Airline fees stymie fare-comparing fliers
WASHINGTON - For many passengers, air travel is about finding the cheapest fare.
But as airlines offer a growing list of add-on services, from early boarding to premium seating and baggage fees, the ability to comparison-shop for the lowest total fare is eroding.
Global distribution systems that supply flight and fare data to travel agents and online ticketing services complain that airlines won't provide fee information in a way that lets them make it handy for consumers trying to find the best deal.
The harder airlines make it for consumers to compare, "the greater opportunity you have to get to higher prices," said Kevin Mitchell, chairman of the Business Travel Coalition.
The Obama administration is wading into the issue. The Department of Transportation is considering whether to require airlines to provide fee information to everyone with whom they have agreements to sell their tickets. A decision originally scheduled for next month has been postponed to May, as regulators struggle with a deluge of information from airlines opposed to regulating fee information, and from the travel industry and consumer groups that support such a requirement.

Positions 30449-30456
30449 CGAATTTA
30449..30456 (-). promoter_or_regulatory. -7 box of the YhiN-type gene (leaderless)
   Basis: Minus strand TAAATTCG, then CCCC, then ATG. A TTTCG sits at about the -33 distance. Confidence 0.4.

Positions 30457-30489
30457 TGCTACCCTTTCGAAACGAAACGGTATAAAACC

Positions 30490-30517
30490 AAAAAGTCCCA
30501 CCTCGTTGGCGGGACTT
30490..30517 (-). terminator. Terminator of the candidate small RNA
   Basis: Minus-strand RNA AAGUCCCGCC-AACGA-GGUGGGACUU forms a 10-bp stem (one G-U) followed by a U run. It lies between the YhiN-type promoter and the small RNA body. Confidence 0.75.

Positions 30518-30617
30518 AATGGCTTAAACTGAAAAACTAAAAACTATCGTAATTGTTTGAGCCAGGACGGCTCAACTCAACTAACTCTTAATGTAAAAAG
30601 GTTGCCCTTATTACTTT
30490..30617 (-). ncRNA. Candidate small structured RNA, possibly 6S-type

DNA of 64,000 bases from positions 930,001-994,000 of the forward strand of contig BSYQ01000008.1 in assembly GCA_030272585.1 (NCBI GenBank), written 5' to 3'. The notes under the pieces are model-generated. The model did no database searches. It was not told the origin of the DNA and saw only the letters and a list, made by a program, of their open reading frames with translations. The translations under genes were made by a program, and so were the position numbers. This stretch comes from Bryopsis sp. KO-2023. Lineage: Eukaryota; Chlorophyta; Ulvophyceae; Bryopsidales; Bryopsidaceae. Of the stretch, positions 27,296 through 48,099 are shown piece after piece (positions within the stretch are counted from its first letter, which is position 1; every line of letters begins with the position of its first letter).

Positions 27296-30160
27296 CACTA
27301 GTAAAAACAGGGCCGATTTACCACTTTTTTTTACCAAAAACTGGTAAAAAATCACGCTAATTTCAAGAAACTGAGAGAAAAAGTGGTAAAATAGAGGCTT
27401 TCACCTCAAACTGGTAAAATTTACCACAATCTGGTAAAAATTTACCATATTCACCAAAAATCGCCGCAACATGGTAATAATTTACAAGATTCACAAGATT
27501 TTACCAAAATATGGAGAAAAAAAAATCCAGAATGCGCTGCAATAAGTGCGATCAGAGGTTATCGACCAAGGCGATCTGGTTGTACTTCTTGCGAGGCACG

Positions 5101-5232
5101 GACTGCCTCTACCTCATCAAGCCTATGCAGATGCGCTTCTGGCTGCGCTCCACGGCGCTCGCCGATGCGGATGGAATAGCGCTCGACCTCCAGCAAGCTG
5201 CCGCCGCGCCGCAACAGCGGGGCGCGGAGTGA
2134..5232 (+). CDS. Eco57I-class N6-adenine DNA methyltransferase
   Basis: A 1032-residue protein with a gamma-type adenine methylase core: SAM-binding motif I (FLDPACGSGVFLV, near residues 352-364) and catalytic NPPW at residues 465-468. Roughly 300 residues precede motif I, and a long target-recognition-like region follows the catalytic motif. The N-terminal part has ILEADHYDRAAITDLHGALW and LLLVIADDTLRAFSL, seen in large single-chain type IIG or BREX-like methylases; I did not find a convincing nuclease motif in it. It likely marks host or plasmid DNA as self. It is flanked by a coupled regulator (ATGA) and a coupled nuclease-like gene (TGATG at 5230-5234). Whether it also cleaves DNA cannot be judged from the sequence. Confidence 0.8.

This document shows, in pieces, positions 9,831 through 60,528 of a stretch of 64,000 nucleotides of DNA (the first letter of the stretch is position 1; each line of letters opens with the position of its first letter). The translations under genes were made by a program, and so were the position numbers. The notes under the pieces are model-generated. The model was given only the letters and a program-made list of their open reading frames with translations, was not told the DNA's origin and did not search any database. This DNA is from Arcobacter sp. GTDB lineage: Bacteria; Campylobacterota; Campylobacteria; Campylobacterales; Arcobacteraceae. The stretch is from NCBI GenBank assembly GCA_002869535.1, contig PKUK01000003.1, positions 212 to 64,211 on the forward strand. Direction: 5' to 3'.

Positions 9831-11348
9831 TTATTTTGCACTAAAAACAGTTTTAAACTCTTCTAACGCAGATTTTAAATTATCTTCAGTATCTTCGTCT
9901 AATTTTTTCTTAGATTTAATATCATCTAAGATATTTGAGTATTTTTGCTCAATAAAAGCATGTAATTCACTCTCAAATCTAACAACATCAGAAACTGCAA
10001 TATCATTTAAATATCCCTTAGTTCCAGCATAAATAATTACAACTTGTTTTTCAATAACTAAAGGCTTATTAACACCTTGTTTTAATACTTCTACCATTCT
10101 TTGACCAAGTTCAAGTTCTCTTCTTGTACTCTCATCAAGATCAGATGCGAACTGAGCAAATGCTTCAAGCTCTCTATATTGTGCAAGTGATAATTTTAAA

Meanwhile, Spirit Airlines, Allegiant Air and Southwest Airlines -- with backing from industry trade associations -- are asking the Supreme Court to reverse an appeals court ruling forcing them to include taxes in their advertised fares.
At the heart of the debate is a desire by airlines to move to a new marketing model in which customers don't buy tickets based on price alone. Instead, airlines want to mine personal data about customers in order to sell them tailored services.
"We want to be able to offer our customers a product that's useful to them, that's customized to meet their needs," said Sharon Pinkerton of Airlines for America, which represents most U.S. carriers.